CIA Drone-Code Scandal Now Has A Big Blue Hue
U.S. Commercial Media Finally Jumps on the Story After British Publication Cribs Narco News’ Coverage
One of the largest and best-known corporations in the world, IBM, is now on center stage in a dispute between two Massachusetts technology companies — one of which is accusing the other of essentially stealing its software code and reselling it to the CIA for use in the Predator Drone program.
The two tech firms are currently embroiled in a lawsuit filed in a county courthouse in Boston that revolves around a sophisticated software program, known as Geospatial. The software was developed by Boston-based Intelligent Integration Systems Inc. (IISI) and licensed, with restrictions, to another Boston-area company, Netezza Corp., a maker of high-speed data-warehouse computers.
Late last month, IBM announced that it planned to acquire Netezza, a publicly traded company that employs some 500 people, in a deal valued at $1.7 billion.
In light of the pending acquisition, and to protect their interests, IISI and Netezza recently agreed to a “stipulation regarding disclosure” that was filed with the court.
“The parties … agree … that between now and the closing of the acquisition of Netezza by IBM as announced publicly on Monday, September 20, 2010, … Netezza Corporation will not disclose to IBM any copies of IISI [software] source code, binary code, object code, installation scripts or specifications,” the stipulation agreement states.
The Case at Hand
IISI claims in its court pleadings that the CIA sought to use Netezza computer hardware with operational IISI software in the agency’s Predator Drone program, which involves the use of unmanned aircraft to target and kill people in Pakistan and Afghanistan.
After IISI indicated that it was not bound by contract to deliver the software for the particular Netezza computer model, called a TwinFin, Netezza, according to IISI's legal pleadings, created a re-engineered version of Geospatial “that ran on the TwinFin, though very imperfectly, which it delivered to the CIA in October 2009, and which the CIA accepted.”
In an effort to protect its intellectual property from further exploitation, IISI filed a motion with the court last month for a preliminary injunction, with a hearing on that motion slated for Dec. 7. Should the motion be granted, Netezza would be forced to round up all IISI software programs that it allegedly pirated, re-engineered for a new computer product, and then sold to various customers, including the CIA. That allegedly “hacked” software, in the case of the CIA, is now being used to guide killer drones to their targets, according to IISI’s legal pleadings, despite the fact that the modified software doesn’t function properly.
The recent stipulation agreed to by Netezza and ISSI creates a temporary firewall between IBM and Netezza designed to assure that Netezza does not share information about IISI’s Geospatial software with IBM.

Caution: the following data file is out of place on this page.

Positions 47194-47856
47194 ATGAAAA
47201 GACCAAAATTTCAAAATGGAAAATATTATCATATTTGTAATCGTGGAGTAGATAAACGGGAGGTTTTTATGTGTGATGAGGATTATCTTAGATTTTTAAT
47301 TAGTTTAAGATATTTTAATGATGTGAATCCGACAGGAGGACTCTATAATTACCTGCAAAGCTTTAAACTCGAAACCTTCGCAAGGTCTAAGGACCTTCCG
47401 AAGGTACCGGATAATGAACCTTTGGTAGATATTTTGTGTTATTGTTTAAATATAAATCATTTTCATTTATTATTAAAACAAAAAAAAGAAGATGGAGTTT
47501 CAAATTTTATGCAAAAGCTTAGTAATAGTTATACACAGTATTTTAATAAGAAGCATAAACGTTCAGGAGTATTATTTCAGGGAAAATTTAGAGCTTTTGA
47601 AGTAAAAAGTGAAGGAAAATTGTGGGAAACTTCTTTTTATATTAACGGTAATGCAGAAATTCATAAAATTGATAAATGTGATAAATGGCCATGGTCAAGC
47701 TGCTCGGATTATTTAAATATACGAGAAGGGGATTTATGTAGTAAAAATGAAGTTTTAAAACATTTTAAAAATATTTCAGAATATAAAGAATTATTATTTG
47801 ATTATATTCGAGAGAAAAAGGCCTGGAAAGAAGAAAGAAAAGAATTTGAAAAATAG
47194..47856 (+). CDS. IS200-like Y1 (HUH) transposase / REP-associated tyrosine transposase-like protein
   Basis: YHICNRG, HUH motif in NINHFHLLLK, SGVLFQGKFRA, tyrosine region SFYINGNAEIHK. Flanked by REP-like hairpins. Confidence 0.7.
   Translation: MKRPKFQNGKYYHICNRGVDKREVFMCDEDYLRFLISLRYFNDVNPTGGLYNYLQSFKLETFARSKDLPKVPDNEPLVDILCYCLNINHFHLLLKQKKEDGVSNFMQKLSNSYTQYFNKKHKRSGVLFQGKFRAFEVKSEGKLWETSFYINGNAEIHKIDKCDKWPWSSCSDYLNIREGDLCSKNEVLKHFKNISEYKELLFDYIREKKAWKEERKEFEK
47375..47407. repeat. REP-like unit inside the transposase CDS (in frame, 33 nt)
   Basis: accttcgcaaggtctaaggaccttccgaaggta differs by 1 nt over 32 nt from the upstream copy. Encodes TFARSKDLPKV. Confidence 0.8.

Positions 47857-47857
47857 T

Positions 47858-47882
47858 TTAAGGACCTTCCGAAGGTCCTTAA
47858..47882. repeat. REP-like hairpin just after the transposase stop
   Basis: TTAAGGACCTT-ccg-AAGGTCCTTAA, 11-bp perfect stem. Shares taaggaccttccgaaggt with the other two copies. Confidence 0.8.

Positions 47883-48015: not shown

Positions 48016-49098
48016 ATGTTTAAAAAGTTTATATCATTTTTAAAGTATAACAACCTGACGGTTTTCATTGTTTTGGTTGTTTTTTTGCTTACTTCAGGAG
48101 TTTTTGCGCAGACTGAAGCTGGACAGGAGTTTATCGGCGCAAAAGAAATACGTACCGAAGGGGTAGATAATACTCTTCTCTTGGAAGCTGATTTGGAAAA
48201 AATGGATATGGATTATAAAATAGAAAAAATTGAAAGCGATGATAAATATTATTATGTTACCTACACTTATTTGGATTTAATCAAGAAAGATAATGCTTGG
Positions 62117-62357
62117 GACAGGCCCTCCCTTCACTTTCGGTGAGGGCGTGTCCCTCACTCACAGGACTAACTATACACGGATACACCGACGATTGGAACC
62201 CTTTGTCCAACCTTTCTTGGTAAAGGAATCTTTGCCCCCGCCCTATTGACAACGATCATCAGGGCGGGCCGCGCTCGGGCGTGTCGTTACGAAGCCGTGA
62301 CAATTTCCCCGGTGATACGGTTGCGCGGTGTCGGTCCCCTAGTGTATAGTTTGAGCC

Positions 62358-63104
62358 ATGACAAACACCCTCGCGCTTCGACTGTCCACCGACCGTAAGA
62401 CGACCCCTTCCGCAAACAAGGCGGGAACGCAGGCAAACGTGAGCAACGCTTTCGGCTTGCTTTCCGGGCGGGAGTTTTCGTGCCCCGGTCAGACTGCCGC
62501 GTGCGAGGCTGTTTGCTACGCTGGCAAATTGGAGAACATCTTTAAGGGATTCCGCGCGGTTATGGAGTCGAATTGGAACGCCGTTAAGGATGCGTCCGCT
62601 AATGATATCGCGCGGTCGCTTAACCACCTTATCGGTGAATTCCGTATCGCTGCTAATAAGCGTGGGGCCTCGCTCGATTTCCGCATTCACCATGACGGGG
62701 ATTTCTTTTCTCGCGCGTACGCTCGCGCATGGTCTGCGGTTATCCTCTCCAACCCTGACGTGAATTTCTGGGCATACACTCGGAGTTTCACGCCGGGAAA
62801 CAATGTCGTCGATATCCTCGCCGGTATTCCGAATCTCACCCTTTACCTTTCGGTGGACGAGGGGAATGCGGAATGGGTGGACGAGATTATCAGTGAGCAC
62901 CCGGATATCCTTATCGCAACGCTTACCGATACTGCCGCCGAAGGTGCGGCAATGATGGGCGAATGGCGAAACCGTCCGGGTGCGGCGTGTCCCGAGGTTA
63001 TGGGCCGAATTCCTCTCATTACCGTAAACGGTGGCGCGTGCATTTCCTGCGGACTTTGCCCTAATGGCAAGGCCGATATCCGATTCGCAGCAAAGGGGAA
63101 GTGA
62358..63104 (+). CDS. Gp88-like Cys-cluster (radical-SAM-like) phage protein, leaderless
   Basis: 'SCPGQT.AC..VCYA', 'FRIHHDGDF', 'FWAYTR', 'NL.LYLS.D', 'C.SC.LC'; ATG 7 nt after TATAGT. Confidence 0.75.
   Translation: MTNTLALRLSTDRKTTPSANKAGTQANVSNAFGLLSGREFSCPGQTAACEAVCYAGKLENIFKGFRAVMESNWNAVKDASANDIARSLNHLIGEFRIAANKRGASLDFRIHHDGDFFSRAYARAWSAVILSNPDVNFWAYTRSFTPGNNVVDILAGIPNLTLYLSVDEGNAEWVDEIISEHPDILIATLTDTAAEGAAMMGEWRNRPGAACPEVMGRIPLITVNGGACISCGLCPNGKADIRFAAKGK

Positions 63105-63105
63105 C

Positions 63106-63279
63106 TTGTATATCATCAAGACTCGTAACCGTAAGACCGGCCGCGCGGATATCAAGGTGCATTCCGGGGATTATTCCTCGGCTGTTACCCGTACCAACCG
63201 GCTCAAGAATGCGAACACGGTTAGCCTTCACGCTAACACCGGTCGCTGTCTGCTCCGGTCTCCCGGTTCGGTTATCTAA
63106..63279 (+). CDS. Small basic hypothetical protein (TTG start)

The stipulation clearly protects the intellectual property of IISI from being immediately absorbed by a large and powerful corporation like IBM, nicknamed Big Blue.
But, it also seems designed to protect the interests of Netezza as well, since the stipulation concedes no ground on the part of either company and falls far short of a draconian ruling by the judge, such as a temporary restraining order, that could possibly throw a big wrench in the still-pending IBM acquisition deal. The upcoming hearing on IISI’s motion for a preliminary injunction, therefore, promises to be a high-stakes courtroom showdown, with a billion-dollar-plus acquisition deal hanging in the balance.
Steal This Story
The IISI/Netezza drone-code spat has drawn global press attention in recent weeks, in the wake of a Sept. 24 article that appeared in The Register. The UK publication proclaimed breathlessly in the story’s headline: “CIA used ‘illegal, inaccurate code to target kill drones’ ”
The story, penned by a British reporter, quotes liberally from the IISI/Netezza court pleadings filed in Suffolk County Superior Court in Boston — quite a distance across the pond from England.
Those court pleadings, at the time The Register published its story, were not available online, other than via Narco News, which posted them with prior stories it published on the case on Aug. 8, Aug. 21 and Sept. 16 — all in advance of The Register’s Sept. 24 story. And this writer is quite confident in asserting, based on reliable sources, that The Register report relied heavily on Narco News’ reports and the court records it posted online.
And that would be fine, if The Register reporter, in his story, had exercised the professional respect to acknowledge Narco News’ work (just as Narco News acknowledged in its initial coverage the original reporting done on the drone-code litigation by thestreet.com).
Of course, that did not happen. As a result, Narco News, a nonprofit that operates on a shoestring budget in the public interest, essentially became a crib sheet for The Register, and, by extension, all the commercial media that picked up the story from the British publication and failed to acknowledge the journalistic service provided by Narco News.
Counted among that slow class is the Washington Post’s “SpyTalk” column, which earlier this month devoted more than a few words to the IISI/Netezza drone-code case and saw fit to credit only the Register, describing it as “a U.K.-based technology journal that has been covering the case.”
I guess that’s just another example of the intelligence failures that have plagued Washington.
Past stories on this case: